I happily consumed a fair amount of caponata while recently exploring Sicily. You’ll find it on just about every menu. Essentially, caponata is sweet and sour eggplant (agrodolce). Agro=sour and dolce=sweet.

At its core, caponata is a combination of eggplant, onions, celery, tomatoes, vinegar, capers, and olives, sweetened with a bit of sugar. Some versions incorporate bell peppers, pine nuts, and/or raisins. Every version of caponata is a bit different. I enjoy caponata best when it possesses that elusive balance of sweet (not too sweet) to sour (provided by the addition of vinegar) to salty (from the capers and olives), with just the right amount of olive oil, but not swimming in it.

While Sicily is technically part of Italy, it’s been conquered by many civilizations over the years…Phoenicians, followed by the Greeks, followed by the Romans. After the Romans came the Muslims, followed by the Normans, Muslims, Normans, Spanish. And even though Sicily is now politically part of Italy, many Sicilians consider themselves, well, Sicilian, rather than Italian. As a result of all these influences, Sicily’s food culture is unique and eclectic. At its heart, the Sicilian table features lots of vegetables, legumes, herbs, fruits, nuts, pasta, cheese, bread, olive oil and, to a somewhat lesser extent, meat and fish.

At the height of summer, eggplant is plentiful. Which is perfect given that eggplant is the foundation of caponata. If you can find the round, deep purple, Sicilian eggplants (pictured below), they would be my first choice. They’re less seedy and not as bitter as the typical Italian globe eggplant.

Then there is the dilemma of salting versus not salting the eggplant. I salted my eggplant overnight to draw out moisture (though I’m still on the fence as to whether this makes a big difference or not?). Next decision, should the eggplant be baked or fried? I pan-fried my eggplant, in olive oil, in a cast-iron skillet. I prefer the flavor and texture of fried eggplant to baked eggplant. In any case, you want the exterior of the eggplant to be golden brown with a sweet and tender interior. If eggplant is not cooked through, it will be unpleasantly bitter and spongy.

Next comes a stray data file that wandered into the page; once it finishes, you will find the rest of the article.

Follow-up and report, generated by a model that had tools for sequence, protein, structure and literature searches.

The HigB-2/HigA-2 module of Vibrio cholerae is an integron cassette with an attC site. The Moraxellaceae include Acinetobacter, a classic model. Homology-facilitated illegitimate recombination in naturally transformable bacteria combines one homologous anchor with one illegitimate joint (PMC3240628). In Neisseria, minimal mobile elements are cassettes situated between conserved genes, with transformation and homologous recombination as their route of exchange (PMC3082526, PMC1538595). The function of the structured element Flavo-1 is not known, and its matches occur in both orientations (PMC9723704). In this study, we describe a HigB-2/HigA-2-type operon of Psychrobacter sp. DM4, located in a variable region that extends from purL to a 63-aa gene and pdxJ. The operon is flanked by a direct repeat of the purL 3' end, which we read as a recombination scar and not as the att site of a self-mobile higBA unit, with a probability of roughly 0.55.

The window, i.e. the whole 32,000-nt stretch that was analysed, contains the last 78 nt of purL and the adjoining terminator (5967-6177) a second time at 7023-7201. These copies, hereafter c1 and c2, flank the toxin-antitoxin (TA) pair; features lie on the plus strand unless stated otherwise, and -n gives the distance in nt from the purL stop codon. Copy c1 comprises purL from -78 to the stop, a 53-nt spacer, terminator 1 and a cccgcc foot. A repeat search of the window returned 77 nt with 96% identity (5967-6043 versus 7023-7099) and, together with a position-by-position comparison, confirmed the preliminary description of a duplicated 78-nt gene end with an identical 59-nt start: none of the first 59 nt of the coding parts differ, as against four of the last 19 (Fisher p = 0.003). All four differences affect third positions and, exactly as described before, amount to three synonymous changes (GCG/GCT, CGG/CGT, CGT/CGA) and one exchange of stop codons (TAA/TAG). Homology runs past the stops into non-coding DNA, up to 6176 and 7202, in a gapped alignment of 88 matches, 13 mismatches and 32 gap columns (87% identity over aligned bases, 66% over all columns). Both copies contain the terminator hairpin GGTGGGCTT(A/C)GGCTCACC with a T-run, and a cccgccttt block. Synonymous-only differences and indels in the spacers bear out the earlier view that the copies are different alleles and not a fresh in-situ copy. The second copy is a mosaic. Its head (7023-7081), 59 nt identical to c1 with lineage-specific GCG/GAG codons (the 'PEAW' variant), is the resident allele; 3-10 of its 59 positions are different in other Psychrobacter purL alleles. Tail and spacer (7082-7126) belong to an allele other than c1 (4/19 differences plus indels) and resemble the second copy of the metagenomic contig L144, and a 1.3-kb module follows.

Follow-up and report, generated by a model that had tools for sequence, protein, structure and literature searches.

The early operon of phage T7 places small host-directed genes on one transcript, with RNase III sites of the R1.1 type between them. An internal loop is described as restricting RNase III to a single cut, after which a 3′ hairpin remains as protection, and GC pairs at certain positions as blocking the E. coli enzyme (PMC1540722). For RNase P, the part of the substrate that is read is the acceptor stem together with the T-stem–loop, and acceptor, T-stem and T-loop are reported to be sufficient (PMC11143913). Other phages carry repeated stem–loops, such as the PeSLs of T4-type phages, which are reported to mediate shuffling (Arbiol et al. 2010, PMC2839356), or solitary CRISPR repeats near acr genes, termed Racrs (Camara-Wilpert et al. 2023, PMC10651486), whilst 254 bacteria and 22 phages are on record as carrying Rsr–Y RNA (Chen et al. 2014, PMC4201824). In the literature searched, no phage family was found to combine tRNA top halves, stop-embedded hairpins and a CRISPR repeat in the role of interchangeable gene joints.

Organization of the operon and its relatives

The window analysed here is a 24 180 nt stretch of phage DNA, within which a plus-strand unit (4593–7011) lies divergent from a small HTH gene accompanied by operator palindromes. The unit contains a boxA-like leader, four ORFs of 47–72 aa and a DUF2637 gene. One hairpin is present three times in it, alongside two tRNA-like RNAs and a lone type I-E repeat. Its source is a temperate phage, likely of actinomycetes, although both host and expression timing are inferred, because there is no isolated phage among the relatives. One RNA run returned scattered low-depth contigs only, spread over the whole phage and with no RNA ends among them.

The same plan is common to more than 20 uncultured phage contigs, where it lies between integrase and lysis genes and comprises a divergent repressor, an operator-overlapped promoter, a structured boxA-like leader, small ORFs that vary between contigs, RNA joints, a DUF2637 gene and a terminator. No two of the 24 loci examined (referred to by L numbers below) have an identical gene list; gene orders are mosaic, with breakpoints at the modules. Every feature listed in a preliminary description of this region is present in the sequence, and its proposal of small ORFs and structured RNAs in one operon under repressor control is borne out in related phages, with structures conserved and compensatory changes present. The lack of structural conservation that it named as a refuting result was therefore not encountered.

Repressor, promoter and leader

On a side note, while you will traditionally find olives in caponata, I’m just not a fan (I’ve attempted to embrace olives, but have not quite come around to them). So, I omitted olives from today’s recipe; I feel as though the capers give the caponata enough of that salty balance. Feel free to add some chopped green olives (at the same step as when you add the capers) to your caponata as you see fit.

Make a big batch of caponata. It tastes even better the next day, and the day after that.

The eggplant cubed, pan-fried, and draining on paper towel…


Caponata (Agrodolce [Sweet and Sour] Eggplant)

3 medium (Sicilian) eggplants, cut into 1-inch cubes
Salt
Olive oil
1 cup celery, thinly sliced
1 large onion, halved and thinly sliced
400 ml (13.5 ounces) canned whole tomatoes with its juices
6 tablespoons red wine vinegar
3/4 tablespoon sugar
4 to 6 tablespoons capers, rinsed
Pinch of red pepper flakes
Chopped parsley (or basil leaves) for garnish

Salt the eggplant and place in a colander, weighted down to extract juices, at least 1 hour, preferably overnight. Pat dry.

Heat 1/2-inch of oil in large deep-sided pan. When hot, fry the eggplant in batches until golden brown on all sides. Drain on a drying rack (or a plate lined with paper towel). Repeat with remaining eggplant.

Fry the onion in same oil until golden, about 5 minutes. Add the celery and fry another 5 minutes. Add the tomatoes and their juices, sugar, capers, red pepper flakes and reserved eggplant. Let simmer for 20 minutes.

Transfer to a bowl. Refrigerate, letting flavors marinate several hours or overnight. Serve chilled or at room temperature, garnished with chopped parsley (or basil).

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